The roles that countries occupy within the international GVNs can be unmasked through the application of suitable centrality measures to the international trade network of intermediate and finished products. To this end, here we propose the following three measures of centrality for capturing the degree to which a given country plays a prevailing role in the upstream, midstream, and downstream stages of the production in a given industry’s GVN:

(a)
A country’s upstreamness centrality in an industry captures the tendency of the country to preferentially export intermediate goods to other countries that, in turn, have a tendency to preferentially export finished products and import intermediate inputs.

(b)
A country’s downstreamness centrality in an industry captures the tendency of the country to preferentially import final products from countries that, in turn, tend to preferentially export finished products and import intermediate inputs.

(c)
A country’s midstreamness centrality in an industry is a function of both the upstreamness of the countries from which the focal country imports the intermediate products and the downstreamness of the countries to which the focal country exports the finished products. More specifically, a country’s midstreamness centrality in an industry captures the tendency of the country to import intermediate goods preferentially from countries with high upstreamness centrality and to export final products preferentially to countries with high downstreamness centrality.
Given an industry, these three measures will be applied to the directed and weighted international global value tripartite network defined above, in which nodes are suitably labelled according to the roles they play as exporters or importers of intermediate or finished products.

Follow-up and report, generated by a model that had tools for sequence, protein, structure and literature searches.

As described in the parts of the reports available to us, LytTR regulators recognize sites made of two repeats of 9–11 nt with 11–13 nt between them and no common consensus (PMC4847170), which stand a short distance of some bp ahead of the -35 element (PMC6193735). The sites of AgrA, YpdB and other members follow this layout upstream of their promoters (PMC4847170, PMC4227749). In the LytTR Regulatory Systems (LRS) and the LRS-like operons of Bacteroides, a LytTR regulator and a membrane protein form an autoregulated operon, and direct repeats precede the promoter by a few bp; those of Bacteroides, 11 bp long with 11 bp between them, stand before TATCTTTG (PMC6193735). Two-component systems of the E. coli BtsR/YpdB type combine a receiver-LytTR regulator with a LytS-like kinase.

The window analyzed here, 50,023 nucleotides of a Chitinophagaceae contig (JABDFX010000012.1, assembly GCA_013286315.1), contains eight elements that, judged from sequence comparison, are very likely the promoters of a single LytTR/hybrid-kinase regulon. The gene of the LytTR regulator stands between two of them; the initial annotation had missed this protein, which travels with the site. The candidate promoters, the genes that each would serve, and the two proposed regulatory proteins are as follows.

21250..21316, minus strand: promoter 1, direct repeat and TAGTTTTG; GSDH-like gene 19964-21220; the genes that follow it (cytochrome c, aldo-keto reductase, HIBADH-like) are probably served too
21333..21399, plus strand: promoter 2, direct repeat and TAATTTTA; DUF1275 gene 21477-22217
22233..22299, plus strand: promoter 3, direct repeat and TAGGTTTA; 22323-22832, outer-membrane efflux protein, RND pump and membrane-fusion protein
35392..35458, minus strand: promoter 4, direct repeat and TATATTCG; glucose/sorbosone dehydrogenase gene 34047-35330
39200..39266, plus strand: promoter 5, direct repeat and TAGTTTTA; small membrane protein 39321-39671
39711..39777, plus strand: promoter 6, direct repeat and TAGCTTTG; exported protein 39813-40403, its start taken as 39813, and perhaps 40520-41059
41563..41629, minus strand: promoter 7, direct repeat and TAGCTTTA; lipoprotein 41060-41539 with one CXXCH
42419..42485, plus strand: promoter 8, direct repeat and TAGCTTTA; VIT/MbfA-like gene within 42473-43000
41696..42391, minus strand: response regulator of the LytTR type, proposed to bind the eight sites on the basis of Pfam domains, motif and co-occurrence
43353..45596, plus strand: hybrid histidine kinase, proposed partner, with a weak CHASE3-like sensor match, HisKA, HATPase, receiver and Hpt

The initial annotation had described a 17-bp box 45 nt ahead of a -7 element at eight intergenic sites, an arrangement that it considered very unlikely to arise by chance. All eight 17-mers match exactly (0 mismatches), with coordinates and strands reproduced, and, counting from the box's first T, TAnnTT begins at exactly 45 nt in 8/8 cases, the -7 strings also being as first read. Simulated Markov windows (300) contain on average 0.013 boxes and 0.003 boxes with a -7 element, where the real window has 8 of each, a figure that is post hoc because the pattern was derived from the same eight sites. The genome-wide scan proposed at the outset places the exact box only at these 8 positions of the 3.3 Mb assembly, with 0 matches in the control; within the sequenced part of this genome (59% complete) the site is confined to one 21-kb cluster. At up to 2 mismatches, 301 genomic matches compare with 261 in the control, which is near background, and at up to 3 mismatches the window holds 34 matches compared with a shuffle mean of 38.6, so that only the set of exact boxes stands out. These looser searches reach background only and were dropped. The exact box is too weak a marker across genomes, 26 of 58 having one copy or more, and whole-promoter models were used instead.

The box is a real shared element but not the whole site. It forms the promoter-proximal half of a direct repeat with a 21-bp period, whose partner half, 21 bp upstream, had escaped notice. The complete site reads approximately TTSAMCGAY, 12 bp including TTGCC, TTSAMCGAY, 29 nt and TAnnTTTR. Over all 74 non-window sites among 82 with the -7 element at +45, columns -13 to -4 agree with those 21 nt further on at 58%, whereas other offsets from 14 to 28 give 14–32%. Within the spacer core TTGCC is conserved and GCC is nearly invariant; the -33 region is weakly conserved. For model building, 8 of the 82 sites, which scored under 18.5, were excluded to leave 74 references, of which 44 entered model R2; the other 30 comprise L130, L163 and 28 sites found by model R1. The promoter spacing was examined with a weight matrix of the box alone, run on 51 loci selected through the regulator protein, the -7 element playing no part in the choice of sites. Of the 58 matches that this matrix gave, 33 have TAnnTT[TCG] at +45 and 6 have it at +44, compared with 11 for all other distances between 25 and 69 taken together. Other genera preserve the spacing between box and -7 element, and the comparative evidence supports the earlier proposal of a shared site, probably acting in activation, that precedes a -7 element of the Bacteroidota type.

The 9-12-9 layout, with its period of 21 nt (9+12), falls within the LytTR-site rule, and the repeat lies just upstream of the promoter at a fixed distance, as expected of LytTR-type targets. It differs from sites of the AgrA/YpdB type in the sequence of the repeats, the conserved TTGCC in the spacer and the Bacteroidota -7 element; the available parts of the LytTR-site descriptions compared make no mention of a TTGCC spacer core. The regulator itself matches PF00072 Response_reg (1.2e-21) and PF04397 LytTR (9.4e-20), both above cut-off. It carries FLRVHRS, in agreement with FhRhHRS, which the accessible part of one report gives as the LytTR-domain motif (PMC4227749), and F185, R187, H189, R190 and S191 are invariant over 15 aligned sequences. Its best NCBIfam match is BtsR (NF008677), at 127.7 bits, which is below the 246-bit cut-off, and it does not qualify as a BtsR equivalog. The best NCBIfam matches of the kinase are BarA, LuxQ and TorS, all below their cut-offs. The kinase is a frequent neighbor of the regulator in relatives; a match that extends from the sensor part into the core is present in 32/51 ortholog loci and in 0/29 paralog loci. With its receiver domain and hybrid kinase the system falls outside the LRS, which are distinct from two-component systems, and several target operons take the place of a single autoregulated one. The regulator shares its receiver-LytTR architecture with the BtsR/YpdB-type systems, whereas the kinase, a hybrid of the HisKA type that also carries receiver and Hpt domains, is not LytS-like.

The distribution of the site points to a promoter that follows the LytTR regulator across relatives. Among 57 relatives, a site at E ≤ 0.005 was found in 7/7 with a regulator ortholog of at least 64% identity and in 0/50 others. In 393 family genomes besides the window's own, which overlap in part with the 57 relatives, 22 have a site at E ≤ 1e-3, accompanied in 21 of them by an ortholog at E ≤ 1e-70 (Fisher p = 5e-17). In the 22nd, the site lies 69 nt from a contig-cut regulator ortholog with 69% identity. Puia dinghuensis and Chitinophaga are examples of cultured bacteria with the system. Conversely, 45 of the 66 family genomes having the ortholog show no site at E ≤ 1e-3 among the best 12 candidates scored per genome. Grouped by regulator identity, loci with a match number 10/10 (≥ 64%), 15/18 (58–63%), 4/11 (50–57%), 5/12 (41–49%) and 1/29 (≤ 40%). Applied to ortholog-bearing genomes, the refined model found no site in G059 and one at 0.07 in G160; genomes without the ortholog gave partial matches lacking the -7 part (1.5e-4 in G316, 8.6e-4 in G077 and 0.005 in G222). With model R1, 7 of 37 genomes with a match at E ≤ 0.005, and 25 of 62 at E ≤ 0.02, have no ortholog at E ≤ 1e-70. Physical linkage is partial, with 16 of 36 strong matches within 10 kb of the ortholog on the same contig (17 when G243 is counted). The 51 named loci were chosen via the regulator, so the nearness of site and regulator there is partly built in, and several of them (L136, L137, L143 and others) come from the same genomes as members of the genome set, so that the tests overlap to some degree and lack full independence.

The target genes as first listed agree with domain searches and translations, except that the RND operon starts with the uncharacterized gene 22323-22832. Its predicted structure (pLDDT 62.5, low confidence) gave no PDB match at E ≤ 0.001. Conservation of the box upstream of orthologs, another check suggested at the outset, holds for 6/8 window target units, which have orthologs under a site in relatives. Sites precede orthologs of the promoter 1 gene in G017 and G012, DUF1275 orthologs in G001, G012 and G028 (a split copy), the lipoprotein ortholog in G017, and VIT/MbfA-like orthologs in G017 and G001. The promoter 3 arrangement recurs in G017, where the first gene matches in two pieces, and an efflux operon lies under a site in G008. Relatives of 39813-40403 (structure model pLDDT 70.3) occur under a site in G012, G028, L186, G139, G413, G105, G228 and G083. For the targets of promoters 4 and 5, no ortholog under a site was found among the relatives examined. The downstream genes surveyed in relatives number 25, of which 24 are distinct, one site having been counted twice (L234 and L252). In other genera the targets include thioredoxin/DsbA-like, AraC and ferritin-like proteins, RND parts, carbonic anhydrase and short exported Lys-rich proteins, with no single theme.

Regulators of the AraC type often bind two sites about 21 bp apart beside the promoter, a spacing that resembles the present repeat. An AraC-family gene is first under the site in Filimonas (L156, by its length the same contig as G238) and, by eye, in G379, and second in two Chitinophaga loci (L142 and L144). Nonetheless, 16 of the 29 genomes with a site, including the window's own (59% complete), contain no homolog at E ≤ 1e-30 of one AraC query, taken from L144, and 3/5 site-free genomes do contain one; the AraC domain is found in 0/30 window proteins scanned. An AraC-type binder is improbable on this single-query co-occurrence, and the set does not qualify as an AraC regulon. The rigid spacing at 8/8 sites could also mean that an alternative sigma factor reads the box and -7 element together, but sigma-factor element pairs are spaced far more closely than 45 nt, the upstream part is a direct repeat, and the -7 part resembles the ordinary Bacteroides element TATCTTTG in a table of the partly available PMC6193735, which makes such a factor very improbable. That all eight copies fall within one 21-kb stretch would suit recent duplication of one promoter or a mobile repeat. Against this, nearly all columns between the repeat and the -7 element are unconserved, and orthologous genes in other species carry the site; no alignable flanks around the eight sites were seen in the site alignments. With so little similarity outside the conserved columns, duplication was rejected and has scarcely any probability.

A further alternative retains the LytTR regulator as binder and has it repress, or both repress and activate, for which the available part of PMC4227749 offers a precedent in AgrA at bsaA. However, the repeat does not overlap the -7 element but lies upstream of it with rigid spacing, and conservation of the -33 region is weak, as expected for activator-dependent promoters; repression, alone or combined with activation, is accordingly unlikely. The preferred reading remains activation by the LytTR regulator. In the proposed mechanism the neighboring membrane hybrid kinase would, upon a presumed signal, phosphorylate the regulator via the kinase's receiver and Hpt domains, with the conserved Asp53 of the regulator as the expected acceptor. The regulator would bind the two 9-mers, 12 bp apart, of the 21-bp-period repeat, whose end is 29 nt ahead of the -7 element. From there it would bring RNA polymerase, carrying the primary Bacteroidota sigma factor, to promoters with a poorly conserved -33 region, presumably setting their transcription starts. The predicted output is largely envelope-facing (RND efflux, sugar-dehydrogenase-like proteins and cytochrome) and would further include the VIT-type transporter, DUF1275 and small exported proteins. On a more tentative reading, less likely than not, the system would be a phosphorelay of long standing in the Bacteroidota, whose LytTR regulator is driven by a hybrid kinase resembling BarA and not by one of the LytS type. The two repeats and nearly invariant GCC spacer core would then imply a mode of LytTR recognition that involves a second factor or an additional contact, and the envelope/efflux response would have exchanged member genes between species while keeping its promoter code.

We now proceed to formalise the three recursive measures of centrality. We begin by formalising the firstorder midstreamness centrality, and we then formalise the firstorder upstreamness and firstorder downstreamness centralities as a function of firstorder midstreamness centrality. In a similar way, we show how a horder midstreamness centrality can be defined in terms of the h−1order upstreamness and h−1order downstreamness centralities. The three centralities then converge to higherorder values that are the solutions of a linear system of equations.
First, we define the firstorder midstreamness centrality of a country as the sum of the intermediate inputs imported and the finished products exported by the country. This measure thus broadly captures the country’s centrality as an intermediary actor in the production of products in a certain industry. Formally, a country m in set M can be characterised by the sum of the weights of all its incoming and outgoing links, i.e., the total strength
s
_{
m
}, as follows
$$ \mu_{m}^{1}=s_{m}=\sum_{u\in U}w_{um}^{I}+\sum_{d\in D}w_{md}^{F}. $$
(4)
To normalise the firstorder midstreamness centrality of each country, we divide Eq. 4 by the maximum midstreamness value across all countries
$$ \frac{\mu_{m}^{1}} {\mu^{*}} \times 100, $$
(5)
where \(\mu ^{*}=\underset {m}{max}\,(\mu _{m}^{1})\).
Next, the firstorder upstreamness centrality of a country u included in set U is defined as the weighed sum of the values of its outgoing links representing the exports of intermediate inputs toward countries in set M, where the weight of the value of each link in the sum is the firstorder midstreamness centrality \(\mu _{m}^{1}\) of the country m in set M to which the link is directed. Formally, we define the firstorder upstreamness centrality of a country u in set U as follows
$$ \upsilon_{u}^{1}=\sum_{m\in M}\mu_{m}^{1}w_{um}^{I}. $$
(6)
To normalise the firstorder upstreamness centrality of each country, we then divide Eq. 6 by the maximum upstreamness value across all countries